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World GDP forecast raised to reflect brighter US outlook

Oxford Economics March Update



  • Oxford Economics has raised our 2023 world GDP growth forecast for the second consecutive month to 1.7%, from 1.5% a month ago. They expect global GDP growth to pick up to 2.5% in 2024, but this would still represent a lacklustre performance, even by the standards of the post-global financial crisis period. The global economy still looks set for a sustained period of weakness.


  • Recent activity data for advanced economies have generally continued to surprise the upside. They now expect US GDP to grow by a solid 0.5% q/q in Q1, a touch weaker than in Q4. They’ve also pushed back the start point for a decline in GDP to Q3 from Q2 previously and reduced the size of the peak-to-trough fall. This has raised our 2023 growth forecast to 0.9% from 0%


  • While eurozone GDP contracted in Q4, They expect the region as a whole to avoid two consecutive quarters of falling GDP. Our 2023 eurozone growth forecast of 0.6% is slightly weaker than our US forecast, but it’s substantially better than some of the more bearish expectations at the end of last year.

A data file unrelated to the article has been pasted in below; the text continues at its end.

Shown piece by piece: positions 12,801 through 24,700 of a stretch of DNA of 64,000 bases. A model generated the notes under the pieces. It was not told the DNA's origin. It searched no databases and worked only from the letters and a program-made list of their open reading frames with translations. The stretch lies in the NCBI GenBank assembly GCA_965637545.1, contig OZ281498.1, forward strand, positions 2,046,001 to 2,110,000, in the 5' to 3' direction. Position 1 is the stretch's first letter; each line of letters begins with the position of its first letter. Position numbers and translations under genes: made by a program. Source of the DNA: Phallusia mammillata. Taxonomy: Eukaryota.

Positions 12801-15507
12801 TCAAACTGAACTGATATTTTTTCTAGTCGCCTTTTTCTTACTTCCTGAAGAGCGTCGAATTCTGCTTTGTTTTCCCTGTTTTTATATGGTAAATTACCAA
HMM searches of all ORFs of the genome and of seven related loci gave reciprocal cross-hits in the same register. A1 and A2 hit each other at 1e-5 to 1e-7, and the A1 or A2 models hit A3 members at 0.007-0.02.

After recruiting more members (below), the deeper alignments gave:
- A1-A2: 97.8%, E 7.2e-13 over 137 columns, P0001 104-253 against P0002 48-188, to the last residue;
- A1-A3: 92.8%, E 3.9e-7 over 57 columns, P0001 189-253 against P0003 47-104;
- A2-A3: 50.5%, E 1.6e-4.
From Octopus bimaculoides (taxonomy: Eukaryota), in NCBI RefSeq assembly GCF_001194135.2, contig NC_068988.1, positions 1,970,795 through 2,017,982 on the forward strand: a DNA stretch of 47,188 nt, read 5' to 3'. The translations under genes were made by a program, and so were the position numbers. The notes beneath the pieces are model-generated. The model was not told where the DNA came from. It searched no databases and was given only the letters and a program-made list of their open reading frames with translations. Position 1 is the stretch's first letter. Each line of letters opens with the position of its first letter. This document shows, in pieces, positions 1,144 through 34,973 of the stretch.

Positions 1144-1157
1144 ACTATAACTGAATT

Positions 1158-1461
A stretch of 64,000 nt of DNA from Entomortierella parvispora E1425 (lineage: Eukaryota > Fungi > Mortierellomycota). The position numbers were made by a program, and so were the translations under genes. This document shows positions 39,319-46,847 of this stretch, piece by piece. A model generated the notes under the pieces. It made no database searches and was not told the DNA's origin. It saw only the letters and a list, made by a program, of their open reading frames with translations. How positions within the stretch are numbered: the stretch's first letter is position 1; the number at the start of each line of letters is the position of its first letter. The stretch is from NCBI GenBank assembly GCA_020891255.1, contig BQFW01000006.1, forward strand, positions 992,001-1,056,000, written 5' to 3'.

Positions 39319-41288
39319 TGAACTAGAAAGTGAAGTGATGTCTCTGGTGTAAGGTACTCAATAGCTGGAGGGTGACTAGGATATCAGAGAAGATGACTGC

• They now expect more monetary policy tightening due to the upward revisions to our near-term growth assessment and wider concerns about the stickiness of inflation. They envisage both the Fed and the ECB will hike rates by a further 75bps this year, representing a 50bps rise to the Fed’s peak policy rate and a 25bps increase to the ECB’s from a month ago.


  • Due to the lagged impact of anticipated additional policy tightening, they’ve partially offset the better-than-expected H1 growth performance by nudging down their forecasts for H2 2023 and beyond. This has resulted in a smoother growth profile.


  • It is worth noting that although both their baseline forecast and the balance of risks around it have certainly improved over the past few months, 2023 is still set to be a year of steady but weak economic growth. High policy rates look set to constrain any recovery in 2024. The recent shift in their calendar year world GDP growth forecast mainly reflects changes in the timing of growth, rather than a significant upward shift in the expected level of activity.


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